Location

NPB 2205

 

Title

Statistical Physics and Biological Simplicity

 

Abstract

Modeling in biology has firmly established itself in cases where it’s been possible to reduce a system to a relatively small number of constitutive parts (think of population dynamics models with a few species, or biophysical neural models with a handful molecular species involved). In contrast, modern experiments often characterize “high-dimensional biology”, measuring activity of thousands of components, such as activities of hundreds of neurons, or frequency of hundreds of pathogenic genomes. Building detailed models that account for this biological complexity has proven to be difficult (and maybe not useful), and we lack intuition about how to interpret results of such experiments. I will argue that many recent experiments, in domains as different as ecology and neuroscience, hint that high-dimensional biological systems are much simpler than they could have been. I will show that simple models based on random interaction networks can explain these seemingly surprising results, and I will argue that success of these models signals emergence of simpler, collective descriptions of complex biological systems. The goal now is to develop systematic approaches to detect such collective degrees of freedom and to model their interactions.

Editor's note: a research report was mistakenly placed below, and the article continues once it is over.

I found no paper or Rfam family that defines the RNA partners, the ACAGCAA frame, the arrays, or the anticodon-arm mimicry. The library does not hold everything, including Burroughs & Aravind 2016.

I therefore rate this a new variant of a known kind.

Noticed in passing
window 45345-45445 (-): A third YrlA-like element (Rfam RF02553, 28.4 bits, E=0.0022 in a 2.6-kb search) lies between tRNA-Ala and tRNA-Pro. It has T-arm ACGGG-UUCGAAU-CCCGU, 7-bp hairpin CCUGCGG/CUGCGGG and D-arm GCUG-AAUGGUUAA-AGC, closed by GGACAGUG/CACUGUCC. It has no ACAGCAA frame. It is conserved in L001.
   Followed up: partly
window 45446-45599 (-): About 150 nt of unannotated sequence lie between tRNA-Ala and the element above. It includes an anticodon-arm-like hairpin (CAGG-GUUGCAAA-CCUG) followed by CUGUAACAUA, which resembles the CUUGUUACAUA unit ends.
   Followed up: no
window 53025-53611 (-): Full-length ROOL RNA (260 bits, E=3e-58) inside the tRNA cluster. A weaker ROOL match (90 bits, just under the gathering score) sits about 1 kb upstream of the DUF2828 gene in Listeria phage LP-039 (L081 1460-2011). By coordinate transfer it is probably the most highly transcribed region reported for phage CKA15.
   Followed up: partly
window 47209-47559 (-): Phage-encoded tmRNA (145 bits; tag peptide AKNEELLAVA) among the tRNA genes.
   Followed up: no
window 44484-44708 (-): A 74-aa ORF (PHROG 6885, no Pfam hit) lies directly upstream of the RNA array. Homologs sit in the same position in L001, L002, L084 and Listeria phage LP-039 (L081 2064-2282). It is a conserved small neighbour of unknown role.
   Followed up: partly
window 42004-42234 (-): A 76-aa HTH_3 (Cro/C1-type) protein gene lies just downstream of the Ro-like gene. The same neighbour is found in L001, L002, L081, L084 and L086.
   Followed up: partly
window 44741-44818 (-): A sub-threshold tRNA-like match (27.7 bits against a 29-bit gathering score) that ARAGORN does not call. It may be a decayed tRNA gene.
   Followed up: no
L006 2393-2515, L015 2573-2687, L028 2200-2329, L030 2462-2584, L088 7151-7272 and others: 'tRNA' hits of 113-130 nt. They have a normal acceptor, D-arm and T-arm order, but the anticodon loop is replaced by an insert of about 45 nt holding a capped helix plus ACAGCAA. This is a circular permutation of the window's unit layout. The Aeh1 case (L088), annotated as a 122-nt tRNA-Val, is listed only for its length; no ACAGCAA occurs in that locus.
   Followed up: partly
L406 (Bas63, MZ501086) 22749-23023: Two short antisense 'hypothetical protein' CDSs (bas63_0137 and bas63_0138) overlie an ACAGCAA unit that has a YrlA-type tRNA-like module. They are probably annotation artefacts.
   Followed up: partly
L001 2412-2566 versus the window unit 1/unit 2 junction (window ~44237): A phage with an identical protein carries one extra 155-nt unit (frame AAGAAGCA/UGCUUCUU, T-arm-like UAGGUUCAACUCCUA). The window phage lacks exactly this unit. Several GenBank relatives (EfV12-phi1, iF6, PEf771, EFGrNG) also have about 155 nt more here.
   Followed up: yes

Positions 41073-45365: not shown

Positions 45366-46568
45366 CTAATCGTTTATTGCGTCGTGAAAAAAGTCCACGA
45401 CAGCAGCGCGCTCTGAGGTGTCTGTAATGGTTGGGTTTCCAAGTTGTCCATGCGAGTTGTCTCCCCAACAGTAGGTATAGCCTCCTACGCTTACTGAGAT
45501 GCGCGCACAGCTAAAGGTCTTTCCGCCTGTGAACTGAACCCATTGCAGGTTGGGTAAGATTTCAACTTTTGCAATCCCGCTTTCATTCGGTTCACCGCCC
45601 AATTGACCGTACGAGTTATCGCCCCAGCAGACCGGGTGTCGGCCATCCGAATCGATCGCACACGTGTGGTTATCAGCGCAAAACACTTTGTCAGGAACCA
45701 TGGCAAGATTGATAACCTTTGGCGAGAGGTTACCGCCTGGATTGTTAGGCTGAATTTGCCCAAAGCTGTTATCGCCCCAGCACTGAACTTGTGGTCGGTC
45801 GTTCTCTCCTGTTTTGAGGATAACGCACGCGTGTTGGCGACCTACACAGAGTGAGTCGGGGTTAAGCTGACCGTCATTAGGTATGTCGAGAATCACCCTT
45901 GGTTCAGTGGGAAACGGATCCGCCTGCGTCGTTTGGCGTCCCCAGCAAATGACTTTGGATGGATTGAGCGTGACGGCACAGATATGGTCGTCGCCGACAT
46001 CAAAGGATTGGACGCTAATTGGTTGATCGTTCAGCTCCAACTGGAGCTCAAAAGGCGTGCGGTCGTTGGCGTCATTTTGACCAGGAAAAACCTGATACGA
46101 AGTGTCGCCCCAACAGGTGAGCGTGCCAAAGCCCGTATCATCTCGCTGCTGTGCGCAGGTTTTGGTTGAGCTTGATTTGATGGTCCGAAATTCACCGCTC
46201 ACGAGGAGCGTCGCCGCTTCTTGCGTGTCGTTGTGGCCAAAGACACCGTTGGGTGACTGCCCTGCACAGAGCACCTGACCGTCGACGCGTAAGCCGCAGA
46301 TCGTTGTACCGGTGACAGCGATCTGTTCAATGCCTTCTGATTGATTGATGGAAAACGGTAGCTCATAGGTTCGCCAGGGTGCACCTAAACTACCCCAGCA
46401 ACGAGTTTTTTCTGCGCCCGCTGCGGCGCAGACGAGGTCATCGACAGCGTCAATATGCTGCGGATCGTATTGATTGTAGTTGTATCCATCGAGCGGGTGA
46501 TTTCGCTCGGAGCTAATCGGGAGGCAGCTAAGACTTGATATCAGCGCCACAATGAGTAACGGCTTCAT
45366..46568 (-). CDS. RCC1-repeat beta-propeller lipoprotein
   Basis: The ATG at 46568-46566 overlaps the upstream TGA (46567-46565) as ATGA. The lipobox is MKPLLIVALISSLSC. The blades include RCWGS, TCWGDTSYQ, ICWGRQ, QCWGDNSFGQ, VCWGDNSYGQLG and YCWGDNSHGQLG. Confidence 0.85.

Host

BingKan Xue


December 8 (Thursday)

 

Speaker

Laura Reina (FSU)

 

Location

NPB 1002

 

Title

The Higgs after LHC: from the HL-LHC to future colliders

 

Abstract